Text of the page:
DECEMBER 7, 2005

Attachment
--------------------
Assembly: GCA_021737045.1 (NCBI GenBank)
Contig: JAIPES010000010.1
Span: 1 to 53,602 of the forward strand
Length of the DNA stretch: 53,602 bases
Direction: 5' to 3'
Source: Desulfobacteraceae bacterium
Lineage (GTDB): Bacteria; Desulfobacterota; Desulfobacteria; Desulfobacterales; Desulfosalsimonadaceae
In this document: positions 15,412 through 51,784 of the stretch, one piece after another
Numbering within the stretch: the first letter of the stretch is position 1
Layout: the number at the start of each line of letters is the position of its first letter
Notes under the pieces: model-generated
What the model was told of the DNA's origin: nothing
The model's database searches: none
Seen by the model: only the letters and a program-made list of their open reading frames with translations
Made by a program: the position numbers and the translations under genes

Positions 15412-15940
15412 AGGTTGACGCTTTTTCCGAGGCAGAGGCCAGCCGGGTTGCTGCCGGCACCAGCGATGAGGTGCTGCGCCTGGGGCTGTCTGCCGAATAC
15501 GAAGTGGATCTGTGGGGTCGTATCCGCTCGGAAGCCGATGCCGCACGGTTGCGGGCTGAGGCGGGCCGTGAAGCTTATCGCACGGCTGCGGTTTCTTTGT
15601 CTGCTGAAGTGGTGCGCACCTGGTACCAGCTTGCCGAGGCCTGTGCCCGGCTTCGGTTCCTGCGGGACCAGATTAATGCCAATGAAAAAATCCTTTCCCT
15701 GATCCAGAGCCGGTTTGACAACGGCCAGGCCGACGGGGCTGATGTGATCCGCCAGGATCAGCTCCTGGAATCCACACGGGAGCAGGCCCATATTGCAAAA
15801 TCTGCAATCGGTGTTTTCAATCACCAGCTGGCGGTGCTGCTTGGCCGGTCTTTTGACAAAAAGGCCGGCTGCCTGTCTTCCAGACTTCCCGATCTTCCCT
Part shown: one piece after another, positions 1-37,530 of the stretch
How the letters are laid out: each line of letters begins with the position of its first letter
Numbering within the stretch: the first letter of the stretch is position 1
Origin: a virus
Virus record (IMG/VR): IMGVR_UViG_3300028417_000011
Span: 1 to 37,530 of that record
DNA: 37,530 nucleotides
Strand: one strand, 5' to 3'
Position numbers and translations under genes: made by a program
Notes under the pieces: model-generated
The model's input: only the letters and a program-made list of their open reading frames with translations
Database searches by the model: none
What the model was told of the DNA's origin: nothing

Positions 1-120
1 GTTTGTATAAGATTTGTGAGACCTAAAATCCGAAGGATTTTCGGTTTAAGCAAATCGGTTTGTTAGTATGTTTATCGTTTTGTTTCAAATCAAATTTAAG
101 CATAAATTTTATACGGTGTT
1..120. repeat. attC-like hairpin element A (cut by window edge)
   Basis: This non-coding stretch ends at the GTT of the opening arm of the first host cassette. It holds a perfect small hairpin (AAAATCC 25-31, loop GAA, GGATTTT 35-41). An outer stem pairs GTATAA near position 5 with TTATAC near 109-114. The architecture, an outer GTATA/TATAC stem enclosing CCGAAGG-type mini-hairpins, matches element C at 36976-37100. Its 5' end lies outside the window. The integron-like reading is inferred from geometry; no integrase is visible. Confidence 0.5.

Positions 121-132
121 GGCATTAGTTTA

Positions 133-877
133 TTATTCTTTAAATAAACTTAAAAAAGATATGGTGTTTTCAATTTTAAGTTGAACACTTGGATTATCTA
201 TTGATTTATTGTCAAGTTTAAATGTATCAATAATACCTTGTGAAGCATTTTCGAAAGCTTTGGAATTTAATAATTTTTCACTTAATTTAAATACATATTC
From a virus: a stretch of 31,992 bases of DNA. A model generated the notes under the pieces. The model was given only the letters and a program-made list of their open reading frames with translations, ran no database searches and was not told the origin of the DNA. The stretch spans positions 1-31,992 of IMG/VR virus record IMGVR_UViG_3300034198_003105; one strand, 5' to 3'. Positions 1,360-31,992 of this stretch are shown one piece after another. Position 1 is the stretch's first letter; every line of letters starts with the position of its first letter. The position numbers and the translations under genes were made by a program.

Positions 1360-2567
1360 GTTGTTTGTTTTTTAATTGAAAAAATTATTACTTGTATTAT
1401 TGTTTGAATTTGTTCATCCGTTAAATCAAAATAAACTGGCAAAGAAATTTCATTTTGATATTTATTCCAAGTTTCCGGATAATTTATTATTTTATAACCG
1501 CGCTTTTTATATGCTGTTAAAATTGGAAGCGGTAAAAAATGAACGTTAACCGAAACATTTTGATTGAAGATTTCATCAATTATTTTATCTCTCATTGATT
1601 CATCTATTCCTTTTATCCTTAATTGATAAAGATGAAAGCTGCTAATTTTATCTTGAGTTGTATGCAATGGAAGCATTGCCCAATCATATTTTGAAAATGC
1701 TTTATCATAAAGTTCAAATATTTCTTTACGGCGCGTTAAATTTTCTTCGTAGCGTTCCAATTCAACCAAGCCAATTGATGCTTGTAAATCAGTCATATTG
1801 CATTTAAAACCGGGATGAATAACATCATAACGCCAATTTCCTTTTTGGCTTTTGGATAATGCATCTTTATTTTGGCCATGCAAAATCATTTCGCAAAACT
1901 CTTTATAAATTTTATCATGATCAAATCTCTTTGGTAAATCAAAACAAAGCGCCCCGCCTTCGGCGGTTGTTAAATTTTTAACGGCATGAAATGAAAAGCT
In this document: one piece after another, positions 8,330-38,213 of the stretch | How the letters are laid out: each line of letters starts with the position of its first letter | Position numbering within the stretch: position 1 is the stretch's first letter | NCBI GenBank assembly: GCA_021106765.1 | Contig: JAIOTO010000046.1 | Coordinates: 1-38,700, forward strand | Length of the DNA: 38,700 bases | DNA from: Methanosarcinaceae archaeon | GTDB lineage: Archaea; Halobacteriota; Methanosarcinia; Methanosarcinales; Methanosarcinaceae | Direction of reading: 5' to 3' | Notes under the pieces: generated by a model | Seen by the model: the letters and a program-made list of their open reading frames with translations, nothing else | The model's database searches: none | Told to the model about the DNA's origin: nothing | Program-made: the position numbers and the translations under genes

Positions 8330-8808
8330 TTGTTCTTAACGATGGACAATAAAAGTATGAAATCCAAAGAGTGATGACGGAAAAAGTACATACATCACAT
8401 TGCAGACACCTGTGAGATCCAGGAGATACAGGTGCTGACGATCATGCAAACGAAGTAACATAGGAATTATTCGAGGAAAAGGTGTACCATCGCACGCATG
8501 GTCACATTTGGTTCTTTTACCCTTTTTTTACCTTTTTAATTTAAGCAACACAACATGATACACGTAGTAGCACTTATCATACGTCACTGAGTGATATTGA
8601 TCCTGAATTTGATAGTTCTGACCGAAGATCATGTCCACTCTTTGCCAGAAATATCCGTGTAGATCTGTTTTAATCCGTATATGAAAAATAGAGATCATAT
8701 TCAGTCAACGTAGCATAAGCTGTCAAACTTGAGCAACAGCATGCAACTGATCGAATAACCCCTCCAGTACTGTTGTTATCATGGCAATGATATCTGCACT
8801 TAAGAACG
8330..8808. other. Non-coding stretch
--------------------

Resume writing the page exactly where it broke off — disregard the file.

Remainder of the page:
I . A ssessing site history.Typical first avenues:Phase 1.Learn as much as possible about site and neighboring site history.Are there underground storage tanks (USTs) that have been or are present?Are they properly permitted or have they all been removed?ALL USTS must be permitted – either to operate or to close. NOabandonments are allowed.Is there a history of receiving Notice of Violations (NOVs) or failing USTtank integrity tests?Governmental environmental files review: DEH, RWQCB, DTSC, EPA..Site “closure,”Has site been closed? When is it projected to get closure?“No further action” (“NFA”) letter = “closure.”NFA letters can and do reopen when site conditions change,such as when construction activities encounter contamination.Property Ownership since start of contamination.Operations History.People knowledgeable about relevant events.People knowledgeable about relevant relationships.Present and former owners, neighbors, employees.Detailed site history can include:For inquiries further back in time than last 15-20 years, consider:Fire Department records such as Sanborn maps.Aerial photographs.Ex: Identification of bounds of junk yard in the 1920/1920s.Historical Society photos.Newspapers.Satellite, Historical Photos.City, county archives if governmental permit or approval ever required.Ex: Identification of address property, owner/operator and years ofoperation as a junk yard in the 1920/1930s.I I. A ssessing extent of contamination.Technical review of environmental data.Is the site “fully delineated?”If not, what areas remain to be assessed?ONE OF THE BIGGEST RISKS COMES FROM GLOSSING OVERTHE UNKNOWNS!Quantify the unknown risk and adjust price.How toxic and persistent is the contaminant?What are the pathways to exposure?Will contaminants be encountered during construction?Will the intended constructive house sensitive individuals?Will a barrier need to be constructed to block, for instance, benzenefumes from passing through a concrete slab and collecting in anenclosed space?Are there concerns about further migration of contaminants to aneighboring property?Are utility corridors affected which can create a host of other concerns, includingpotential for explosion when utility workers enter confined spaces?Utility corridors can pose a problem when they intersect or are in the levelof the fluctuating groundwater.Water passes RAPIDLY through the pea gravel on which manypipes are laid, compared to the typical surrounding dense clayeysand mix, so pollution can travel farther, faster.I II. K ey areas of risk.Groundwater contamination.Are drinking water aquifers, streams, bay, etc. actually or potentiallyaffected?How bad is the problem?What is the pollutant of concern?Rate of groundwater migration?Are neighboring properties affected?Could they be affected if remediation goes too slowly?How conducive is the soil and groundwater to remediation?I V. L oan limitation when site is not completely assessed.With risk not completely defined, it may be difficult or impossible to getconventional loan.Until the site is fully assessed, most lenders have policy of not lending orrefinancing.If major oil company accepts responsibility, it may be willing to provideindemnify a loan (e.g., SBA loan).If you are a buyer, keep in mind the practical problem of finding a newbuyer or obtaining refinancing.V . T he tug-of-war over contractual terms.Buyer always seeks full indemnification from seller, but the indemnification maynot be worth anything when and if the need arises (seller not financially able tohonor it).Seller always seeks to sell “as is,” but is still required to make all materialdisclosures to questions to avoid fraud.Another key concern here is that federal law cannot be swept away or avoided byindemnification, sale “as is,” etc. (CERCLA 42 USC § 9607(e))Contractual provisions do not insulate a party from the government or otherparties.V I. W hen is the state UST Cleanup Fund available? (H & S Code Ch. 6.75)Owners and operators may have access up to $1,500,000 for corrective action (siteassessment and remediation) of leaking USTs for petroleum products.Must be permits and compliance, which, on occasion, can occur after thefact.New property buyer may gain access to the fund if no affiliation with aparty which has caused ineligibility with the fund.V II. T he overlay with federal and state law.An overview of key federal and state laws that typically pertain to contaminatedproperties follows:A . F ederal law:1. CERCLA. Comprehensive Environmental Response, Compensation and LiabilityAct. 42 USC § 9601, et seq. (Liability; cost-recovery action). Briefly stated: Any owneror operator of a “facility” (any place where hazardous substances have come to belocated) at the time of disposal of hazardous substances, or any current owner or operatorof that facility, or anyone who contracted, agreed or arranged for such disposal, oranyone who accepts such hazardous substances, is liable for costs of removal or remedialaction by the government and other necessary costs of response by others. Liability isstrict.Petroleum products are excluded from the definition of hazardous substance. 42USC § 9601(14). However, petroleum products, such as waste oil, that are contaminatedwith other hazardous substances do not fall into this exception (Tosco Corporation v.Koch Industries, Inc., 216 F.3d 886 (10th Cir 2000)), and the defendant has the burden ofestablishing that the petroleum exclusion is applicable. Johnson v. Langley OperatingCompany 226 F.3d 957 at n.4 (8th Cir. 2000)Section 107 of CERCLA (42 USC § 9607) governs cost recovery actions by theUnited States and States. Numerous cases hold that these government plaintiffs areentitled to have private parties held jointly and severally liable under Section 107 ofCERCLA, even if certain federal agencies are themselves PRPs. See, e.g., State ofCalifornia Dep’t of Toxic Substances Control v. Alco Pacific, Inc., 217 F. Supp. 2d 1028,1036 (C.D. Cal. 2002); United States v. Gurley, 317 F. Supp. 2d 870, 882-883 (E.D. Ark.,2004). While defendants can argue for apportioned liability, they have the burden ofshowing either distinct harms or a reasonable basis for apportioning a single harm topublic health and the environment. See e.g. United States v. Hercules, 247 F.3d 706,716-18 (8th Cir. 2001); Control Data Corp. v. S.C.S.C. Corp., 53 F.3d 930, 939 n.4 (8thCir. 1995).Section 113 of CERCLA (42 USC § 9613) governs cost recovery actions byprivate parties. Under the Ninth Circuit decision in Pinal Creek Group v. NewmontMining Corp. 118 F.3d. 1298. (9th Cir. 1997), contribution plaintiffs, are generallylimited to seeking apportioned liability from contribution defendants.The statute of limitations for CERCLA cases are quite long. Section 107 actionsby the government must be brought six years after initiation of on-site construction of aremedial action or three years after completion of a removal action. (42 U.S.C. §113(g)(2). However, since “removal” actions include the planning and oversight of thecleanup, the statute of limitations will usually not begin to run until the government hascertified that the cleanup has been completed. Illinois v.Grigoleit Company 104 F. Supp.2d 967, 975 (C.D. Ill. 2000), California Department of Toxic Substances Control v. AlcoPacific, Inc. 308 F. Supp. 2d 1124 (C.D. Cal. 2004). The limitations period for section113 contribution actions is three years, and it begins to run when a judgment oradministrative order is entered against the contribution plaintiff.What are the defenses??? 42 USC § 9607(b)1) Act of God.2) Act of war.3) Act or omission of a third party, other than an employee or agent of thedefendant, and other than an act or omission in connection with a contractual relationshipwith the defendant, where defendant exercised due care and took precautions againstforeseeable acts or omissions of such third party.“Contractual relationship” is defined at 42 USC § 9601(35)(A) to include,land contracts, deeds, easements, leases and other instruments transferring title orpossession unless defendant acquired the property after the disposal of hazardoussubstances occurred and one of the following three circumstances applies:1) At time of acquisition, defendant did not know and had no reasonto know of the disposal. (So-called “due diligence” or “innocentlandowner” defense);2) defendant is a governmental entity;or 3) defendant acquired property by inheritance or bequest.2002 Brownfields Amendments clarified the basis for “innocentlandowner” protection, with the addition of the “All Appropriate Inquiry”(“AAI”) standard.The EPA was directed to develop standards for AAI, which it did inNovember 2005. 70 Fed. Reg. 66070 (40 CFR Part 312). Thesestandards become effective on November 1, 2006. (See attachedEPA AAI Fact Sheet for details)Key new points: e nvironmental professional must do ac omprehensive investigation, including interviews with past andp resent owners, operators and occupants, so the price will increases ignificantly.2. RCRA. The Resource, Conservation and Recovery Act provides a “citizen suit”action for injunctive relief only at 42 USC § 6972. To prevail, you must show the partyyou are suing has disposed of a “hazardous waste” which has caused or may cause animminent and substantial endangerment to the environment. The court may awardattorneys’ fees to the prevailing party. Liability is strict.One early case involving multiple gas station operators shifted the burden of proofso that the landlord does not have to prove who contaminated what and how much duringany particular tenant’s term. Instead, the tenants have the burden of proving the releasedid not occur during their respective term. Zands v. Nelson (S.D. Cal. 1991) 779 F.Supp. 1254 . In Zands, the District Court for Southern California (retired Judge GordonThompson) held the release of petroleum into the environment at a gas station constitutesan abandonment of a hazardous material, thus falling within a definition of a “hazardouswaste” within the purview of RCRA.B . S tate law:1. Nuisance.Nuisance can be a tricky area because of the distinction between continuing andpermanent nuisance, the resulting statute of limitations and different standards of proof.The basic definition of nuisance is anything that interferes with the comfortableenjoyment of life or property by being injurious to health, indecent or offensive to thesenses, or an obstruction to the free use of property. Civ. Code § 3479; Koll-IrvineCenter Property Owners Assn. v. County of Orange (1994) 24 Cal.App.4th 1036. Thetortious conduct that leads to a nuisance is not material and can be based on negligent,reckless, intentional, or ultrahazardous behavior. Barnhouse v. City of Pinole (1982) 133Cal.App.3d 171; and see, Mangini v. Aerojet-General Corp. (1991) 230 Cal.App.3d1125. Both the party who maintains the nuisance as well as the party who creates thenuisance are responsible for the ensuing damage, regardless of who currently possessesthe property. KFC Western, Inc. v. Meghrig (1994) 23 Cal.App.4th 1167; WilshireWestwood Associates v. Atlantic Richfield Co. (1993) 20 Cal.App.4th 732.Soil and groundwater contamination constitute grounds for a nuisance action.Beck Development Co. v. Southern Pacific Transportation Co. (1996) 44 Cal.App.4th1160.Permanent nuisances are those causing a permanent injury. Damages are assessedonce and for all. Shamsian v. Atlantic Richfield Company (2003) 132 Cal.Rptr.2d. 635.A nuisance is permanent if it appears improbable as a practical matter that the nuisancecan or will be abated. Considerations include the feasible means of, and alternatives to,abatement, the time and expense involved, legitimate competing interests, and thebenefits and detriments to be gained by abatement or suffered if abatement is denied.Beck Development Co. v. Southern Pacific Transportation Co. (1996) 44 Cal.App.4th1160.By contrast, a nuisance that can be discontinued or abated at a “reasonable costby reasonable means” is a continuing nuisance. (Mangini v. Aerojet-General Corp.(1996) 12 Cal.4th 1087, 1103. A key factor in determining whether contamination maybe abated at a reasonable cost is whether the cost of remediation would greatly exceed thevalue of the land after remediation. Beck Development Co. v. Southern PacificTransportation Co. (1996) 44 Cal.App.4th 1160, 1222.Courts often look to see if a continuing nuisance or trespass claim could beasserted when a permanent nuisance would be barred. E.g., Mangini v. Aerojet-GeneralCorp. (1991) 230 Cal.App.3d 1125 (Mangini I); Capogeannis v. Sup. Ct. (1993) 12Cal.App.4th 668. A nuisance must be considered permanent if plaintiff fails to prove anuisance is abatable. Beck, 44 Cal.App.4th 1160, 1221.2. Trespass.The same analysis is used for trespass as for nuisance. Continuing and permanenttrespass analysis applies. Also like nuisance, trespass is governed by a three-year statuteof limitations under Code of Civil Procedure section 338(b).Trespass is an unlawful interference with possession of property, whereas anuisance is an interference with the interest in private use and enjoyment of the land anddoes not interfere with possession. Mangini v. Aerojet-General Corp. (1991) 230Cal.App.3d 1125. Trespass exists when chemical contamination migrates from oneproperty to another. An essential element of trespass is an actual physical entry orintrusion onto real property by a person or a tangible thing. San Diego Gas & ElectricCo. v. Superior Court (1996) 13 Cal.4th 893. Like nuisance, trespass can be based on anact that is negligent, reckless, intentional, or as a result of an ultrahazardous activity.Resolution Trust Corp. v. Rossmoor Corp. (1995) 34 Cal.App.4th 93.3. Negligence.A negligence action is available where a property owner allows contamination ofsoil and groundwater. Newhall Land & Farming Co. v. Superior Court (1993) 19Cal.App.4th 334 (negligence action against property owner who contaminated soil andgroundwater while operating a gas plant).4. Negligence Per Se – Evidence Code 669.Contamination of groundwater allows a cause of action for Negligence Per Seunder Evidence Code section 669(a). Newhall Land & Farming Co. v. Superior Court(1993) 19 Cal.App.4th 334. The discharge of gasoline into groundwater constitutes aviolation of California Fish & Game Code section 5650.5. Leases/Contract.Leases are frequently an issue. Consider continuing obligations to lessee in leaseassignments. An assignment does not absolve the tenant of the obligations of the lease,and, as such, the tenant acts as a surety for the assignee for the duration of the lease, evenwhen the landlord consents to the assignment. Vallely Investments, L.P. v.BancAmerica Commercial Corp., 88 Cal.App. 4th at 822; Kendall v. Ernest Pestana, Inc.(1985) 40 Cal.3d 488,500, 502. Also, in Meredith v Dardarian (1978) 83 Cal.App.3d248, 255, the court held if a lease contains an option to renew or extend, which is bindingon the lessor, and the assignee exercises the option, the lessee remains liable.